14 Lennitay (continued)
Surrounded by a detachment of ten armored and helmeted guards, we left the palace grounds through an unattended stone arch tall enough that we passed through with a good five feet of headroom to spare. I immediately began to sweat. I don’t know if I stayed comfortable until that point because the cooling kathana extends to the palace grounds, or if it was all in my head, but Colosse was hot and the dress I was wearing, while comfortable enough, was still too heavy to be the right kind of clothing for this climate. I’m sure it was just me and my acclimation to a much more temperate climate, because it was still morning and could not possibly be as hot as I remember, and if I think about it, that was true. Once we were some distance from the palace, and people began filling the streets, I could see that everyone else dressed sensibly in short trousers and sleeveless tunics, or loose-fitting dresses, and wore the same kind of sandals everyone wore at the Darssan. Of course, looking at how comfortable they all seemed made me sweat more. I discovered when I returned to my room, much later, that my nose was burned red, which makes me look ridiculous. The God-Empress looked as if she were still in her cool, breezy chambers, despite her wearing many more layers than I was. All right, now I’m a little jealous of her. Just a little.
Our collenna took up most of the street, but no one paid any attention to us. Everyone from pedestrians to those people pulling the wheeled carts simply stepped out of our way, as if the collenna was shrouded in a concealment pouvra. The God-Empress just stared straight ahead, her hand raised and moving in a strange, complicated wave at the unseeing passersby, thinking who knows what. It seemed so out of character that I finally said, “Do they always ignore you like this?” and then cursed myself for using the word “ignore,” which made them sound disrespectful.
The God-Empress said, “It is a rose day. I am invisible. It would be disrespectful if they acknowledged me when I don’t choose them to.”
Rose day. Rose-colored collenna. “May I ask what other kinds of days there are?” I said.
The God-Empress never once turned her head to look at me during this conversation. When she spoke, her voice sounded as if it were coming from far away. “Honey days, when I am accompanied by the mages and all must bow before God’s presence and that of her priests.” (Mages as priests. I keep having more questions for Cederic.) “Moss days, in which all must present God with tokens of faith. Sky days, in which the streets are cleared entirely and those found outside are punished.”
“I see,” I said, and then couldn’t think of anything else to say. And tried not to imagine what punishment that might be.
The collenna lurched to a halt. “My God, I am sorry—please accept—I will be more diligent—” the master babbled, turning around in her seat, and this time I could see the th’an. It was far more complex than the ones on the loenerel and the war wagon had been, and I was struck so hard by the feeling that I ought to recognize it that I felt a little dizzy in addition to my fear for the collenna master’s life. But the God-Empress said nothing, still staring off into the distance, and soon the collenna moved on. I breathed more easily; I’d been afraid I was about to witness some of that punishment first-hand. I relaxed too soon, but that’s a different part of the story.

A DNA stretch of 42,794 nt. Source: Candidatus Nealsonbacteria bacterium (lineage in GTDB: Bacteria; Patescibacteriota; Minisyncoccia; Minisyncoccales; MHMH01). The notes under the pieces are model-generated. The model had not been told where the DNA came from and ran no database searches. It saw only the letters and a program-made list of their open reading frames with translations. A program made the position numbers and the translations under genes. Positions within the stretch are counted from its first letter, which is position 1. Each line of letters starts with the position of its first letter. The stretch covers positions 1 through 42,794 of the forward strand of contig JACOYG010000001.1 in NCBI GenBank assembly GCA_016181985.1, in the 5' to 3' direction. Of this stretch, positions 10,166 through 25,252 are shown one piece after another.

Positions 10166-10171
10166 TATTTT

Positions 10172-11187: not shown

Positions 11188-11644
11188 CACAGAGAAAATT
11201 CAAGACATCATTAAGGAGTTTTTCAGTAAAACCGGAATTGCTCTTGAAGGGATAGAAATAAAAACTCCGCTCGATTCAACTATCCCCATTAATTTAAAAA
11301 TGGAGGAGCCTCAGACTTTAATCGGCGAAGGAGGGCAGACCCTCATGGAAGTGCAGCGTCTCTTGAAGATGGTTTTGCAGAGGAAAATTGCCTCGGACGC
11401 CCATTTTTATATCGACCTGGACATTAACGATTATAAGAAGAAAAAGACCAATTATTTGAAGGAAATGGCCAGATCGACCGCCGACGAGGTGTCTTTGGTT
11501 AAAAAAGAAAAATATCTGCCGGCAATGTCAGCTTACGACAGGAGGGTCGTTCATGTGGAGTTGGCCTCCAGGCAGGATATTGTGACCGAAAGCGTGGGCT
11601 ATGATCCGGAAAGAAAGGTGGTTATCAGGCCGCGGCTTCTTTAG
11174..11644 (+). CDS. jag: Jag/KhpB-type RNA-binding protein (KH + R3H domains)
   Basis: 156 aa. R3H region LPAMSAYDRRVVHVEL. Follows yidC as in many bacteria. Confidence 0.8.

The God-Empress seemed completely sane all morning. She lost her distant look after a while and began pointing out landmarks, and I began enjoying myself. Colosse is almost as old as the disaster, and has grown up in much the same way as the palace, if less haphazardly; the palace has the disadvantage of being seen by its possessors as an outward representation of their divine power, and being frequently rebuilt accordingly. Colosse is just a big city that’s adapted to the needs and desires of its residents over the centuries. And it’s nothing like anything I’ve seen in my travels, but then I don’t think anything in my world is as old as Colosse. There are tall domed buildings where mages perform kathanas for those who can pay (and sometimes for those who can’t, depending on the mage) and buildings containing nothing but swimming pools and facilities for exercising, as if people don’t get enough exercise walking around and doing manual labor, but I suppose if you have magic readily available a lot of the manual labor is done for you.
There are three buildings that look like that giant’s building blocks dropped out of the sky, completely unadorned, that the God-Empress said contain books, and if you pay money you can go in and look at any of them you want. I don’t know if I believe her. They’re bigger than the biggest libraries we have in Balaen—the size of even one of those buildings would be enough to contain thousands, tens of thousands, of books, and that there are three of them…! Though that was another thing I learned; buildings that perform a particular function all look alike. So the libraries look like rectangular blocks, and the mage buildings are all domed, and some of them are smaller than the others but they all have the same shapes. So there are almost no signs anywhere, even marking the streets. It’s expected that you’ll know what services are offered based on the shape of the building. I don’t know if this is laid down by law, or if it’s just tradition, and I really couldn’t begin to guess. But since there are only so many types of building, even this otherworlder woman felt familiar with the city after only a short time. I saw a few shadowy people, but only three or four, and all of them were dressed and laden like travelers. I suppose if nothing occupies this space in my world, it makes sense that there wouldn’t be many things to be shadows in this one.
to be continued…